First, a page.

It All Happened So Fast

Of Alcohol & Christmas

When I was twelve years of age, I made my Confirmation as a member of the Catholic Church, and willingly took part in “the pledge“. The pledge is an odd legacy of 19th century Irish society, in which various Catholic and Protestant leaders urged people to refrain from or reduce alcohol consumption, and which has survived, despite Ireland’s slightly unhealthy and overwhelming obsession with drink.  Perhaps, considering the regular tragedies related to over-consumption of alcohol, something as diametrically opposite as “the pledge” makes sense.  It’s a weighted reaction to a weighty problem.

Standing on the alter of that church, I remember watching my friends leave, and hearing how some took the pledge very lightly, with some even joking that they would get drunk that very night.  I would have felt slightly disappointed, thinking that some would give up so quickly.  There we were at the turn of puberty, so much of the innocence of our youth running past us.  The inevitability of growing older coming hard and fast.   Why embrace it?  Why not wait a bit longer?  We have the rest of our lives to be adults.   Because so few adhered to the pledge, and because I was naturally stubborn, I tried to be different, and yet had been influenced by my mother’s recommendations.  For years, as a child, I would always chug glasses of fizzy drinks within a few seconds.  My mam would say that I shouldn’t drink alcohol if I was going to drink that quickly.  It stuck in my head, and from then on I intended to avoid drinking.  As the teenage years rolled on and ‘knacker drinking’ become de rigueur, I must admit, I became slightly snobbish toward the whole thing.

It’s mainly around Christmas time that people ask me why I don’t drink.  If it’s not at Christmas parties, it’s before Christmas parties, or after them, or around the time people are preparing or recovering from a massive session.

It can be a bit of show stopper, or a conversation killer.  The shift in mood is downward, with an immediate group of listeners gently going silent as if to make way for the awkward, social pariah who has to explain why they are different, like somebody with a chronic infliction explaining their condition, or somebody of different ethnic or social origins trying to explain why they’re there;  time taken from nonsensical merriment to give due consideration to those less fortunate, or who don’t quite fit in.

I usually jest to make light of the conversation, stating that the main reason I don’t drink is because I might piss the bed.  That always gets a laugh, but then I remember that people can piss the bed when drunk, so I might actually be embarrassing the drinker.  Maybe I could tell them about the times I spent cleaning up vomit at parties, because I was stone-cold sober, thinking of what my friend’s parents might think when they came home?  Or standing in the city at 3 a.m. waiting for a girl in the group to stop crying over ‘that bastard’ and realise that that song wasn’t about her?  It’s not a party ’till a girl cries, usually at the bottom of the stairs, still talking about ‘that bastard’, and being comforted by a bitchy friend who throws dagger looks at anyone who comes near.  Christ, what a nightmare.  I hated alcohol growing up, having to listen to that drivelly shit.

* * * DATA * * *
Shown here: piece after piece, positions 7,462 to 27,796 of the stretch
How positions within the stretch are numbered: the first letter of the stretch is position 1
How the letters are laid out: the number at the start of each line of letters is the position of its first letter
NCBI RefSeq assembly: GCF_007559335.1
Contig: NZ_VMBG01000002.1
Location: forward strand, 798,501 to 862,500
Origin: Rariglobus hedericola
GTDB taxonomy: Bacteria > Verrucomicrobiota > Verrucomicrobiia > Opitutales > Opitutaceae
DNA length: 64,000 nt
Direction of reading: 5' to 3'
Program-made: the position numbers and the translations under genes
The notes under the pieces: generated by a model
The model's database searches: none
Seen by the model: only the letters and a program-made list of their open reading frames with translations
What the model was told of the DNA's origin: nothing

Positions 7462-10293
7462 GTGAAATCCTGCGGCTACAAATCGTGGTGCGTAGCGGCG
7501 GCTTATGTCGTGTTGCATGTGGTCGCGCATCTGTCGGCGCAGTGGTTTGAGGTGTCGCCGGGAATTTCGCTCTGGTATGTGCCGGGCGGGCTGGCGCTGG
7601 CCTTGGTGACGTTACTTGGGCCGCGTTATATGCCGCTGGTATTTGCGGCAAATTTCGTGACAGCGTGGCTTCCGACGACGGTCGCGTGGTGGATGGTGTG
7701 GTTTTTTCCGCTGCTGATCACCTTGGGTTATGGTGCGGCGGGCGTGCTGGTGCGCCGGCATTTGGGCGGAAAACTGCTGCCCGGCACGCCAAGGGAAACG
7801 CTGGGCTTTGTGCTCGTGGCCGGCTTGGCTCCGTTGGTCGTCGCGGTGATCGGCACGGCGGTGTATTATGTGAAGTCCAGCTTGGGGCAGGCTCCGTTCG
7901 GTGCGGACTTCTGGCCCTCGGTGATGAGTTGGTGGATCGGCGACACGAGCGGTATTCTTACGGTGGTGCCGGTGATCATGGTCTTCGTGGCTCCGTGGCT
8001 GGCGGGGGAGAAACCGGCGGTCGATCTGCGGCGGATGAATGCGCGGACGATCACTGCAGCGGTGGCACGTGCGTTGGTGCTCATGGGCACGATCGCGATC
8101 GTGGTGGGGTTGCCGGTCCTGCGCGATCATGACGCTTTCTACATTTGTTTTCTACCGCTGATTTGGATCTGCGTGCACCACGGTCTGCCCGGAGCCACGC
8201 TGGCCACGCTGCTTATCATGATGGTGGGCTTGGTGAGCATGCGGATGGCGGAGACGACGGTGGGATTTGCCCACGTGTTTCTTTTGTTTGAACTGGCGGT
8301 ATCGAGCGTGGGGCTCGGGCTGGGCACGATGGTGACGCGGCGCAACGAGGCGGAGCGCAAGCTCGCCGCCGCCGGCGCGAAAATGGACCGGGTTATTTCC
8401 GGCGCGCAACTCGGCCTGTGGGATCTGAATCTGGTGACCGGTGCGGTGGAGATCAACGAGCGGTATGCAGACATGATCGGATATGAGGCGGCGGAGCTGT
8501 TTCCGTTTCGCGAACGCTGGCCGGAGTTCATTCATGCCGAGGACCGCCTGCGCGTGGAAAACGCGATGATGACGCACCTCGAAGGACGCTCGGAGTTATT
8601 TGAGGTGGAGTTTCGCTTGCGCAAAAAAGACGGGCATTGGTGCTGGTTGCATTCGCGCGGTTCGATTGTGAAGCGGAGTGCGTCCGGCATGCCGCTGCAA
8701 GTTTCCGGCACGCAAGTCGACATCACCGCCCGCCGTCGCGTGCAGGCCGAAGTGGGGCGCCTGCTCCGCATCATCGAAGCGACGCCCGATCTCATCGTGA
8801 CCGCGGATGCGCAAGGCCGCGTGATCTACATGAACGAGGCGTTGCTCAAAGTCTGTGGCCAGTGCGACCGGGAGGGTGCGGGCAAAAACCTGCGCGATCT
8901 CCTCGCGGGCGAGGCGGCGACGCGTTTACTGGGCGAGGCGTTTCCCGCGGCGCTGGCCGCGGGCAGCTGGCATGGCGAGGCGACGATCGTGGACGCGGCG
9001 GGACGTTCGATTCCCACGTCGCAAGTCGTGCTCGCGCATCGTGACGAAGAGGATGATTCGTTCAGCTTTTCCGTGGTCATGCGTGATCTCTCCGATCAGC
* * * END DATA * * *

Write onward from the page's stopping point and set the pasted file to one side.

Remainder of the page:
Imagine explaining that to a group at a party?  Dullsville.

I could also tell them about my addictive personality: about how it’s taken me nearly ten years to come to terms with and control an eating disorder;  how I could eat an entire tin of Cadbury’s Roses, even the orange caramels, no longer enjoying them, to the point of agony, because of a self-destructive void within that cannot be satisfied?  Sure, why not throw some alcohol into that vortex of misery?

No, thanks.  They’d be backing away with raised eyebrows.

The truth is, not drinking can be a terribly isolating experience.  While people always praise me for not drinking, telling me that I’m much better off, healthier, richer, they can proceed through the evening becoming more and more distant, harder to converse with.  Anyone who knows me would agree that I’m probably a pack leader when it comes to loud, rambunctious jocularity.  But the fun ends when you stop getting feedback, when your jokes fall silent on gently smiling faces that are clouded by an alcoholic haze, moving further away, as I’m left talking to myself.

And I’m still there, twelve years of age, standing on the alter, watching my friends leave, going to a places to which I still haven’t gone, and probably never will.  If I am so better off as is, why don’t they come back and join me?

The solution is, as always in life, moderation.  I’ve learned to not be a judgemental prude when it comes to alcohol, but I haven’t gone so far as to enjoy or appreciate a good glass of wine.  Perhaps it’s something I need to consider:  to taste, experience and socialise around an alcoholic drink;  to discuss its finer points;  to contrast and compare.  But not to develop a dependency; to learn more self control;  to make it as frequent and inconsequential as it is to the sophisticated continentals.

Whatever about me, in this season of increased consumption, please don’t hurt yourself by drinking too much.  2014 has been a tragically shit year on a global scale.  Don’t make it worse by fucking yourself into a tree at 100 Km/h, or suffocating on a cocktail of cheap beer and curry chips while you sleep.  Do what I can’t do yet, and enjoy, savour and appreciate what you drink, but in good health.

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Break

“Yes, it’s fine tomorrow, but you’ll have to be up with the lark,” said Mrs. Ramsey, before hanging up.

Unfortunately, Tom had shot the lark during yesterday’s hunt, and so overslept, missing the boat to take him on the excursion to the lighthouse.

The light, Spring air still hadn’t given up its dampness, causing a luke-warm sensation underneath his flannel shorts and shirt that was brushed away by a slightly cooler, less clammy breeze coming off the sea.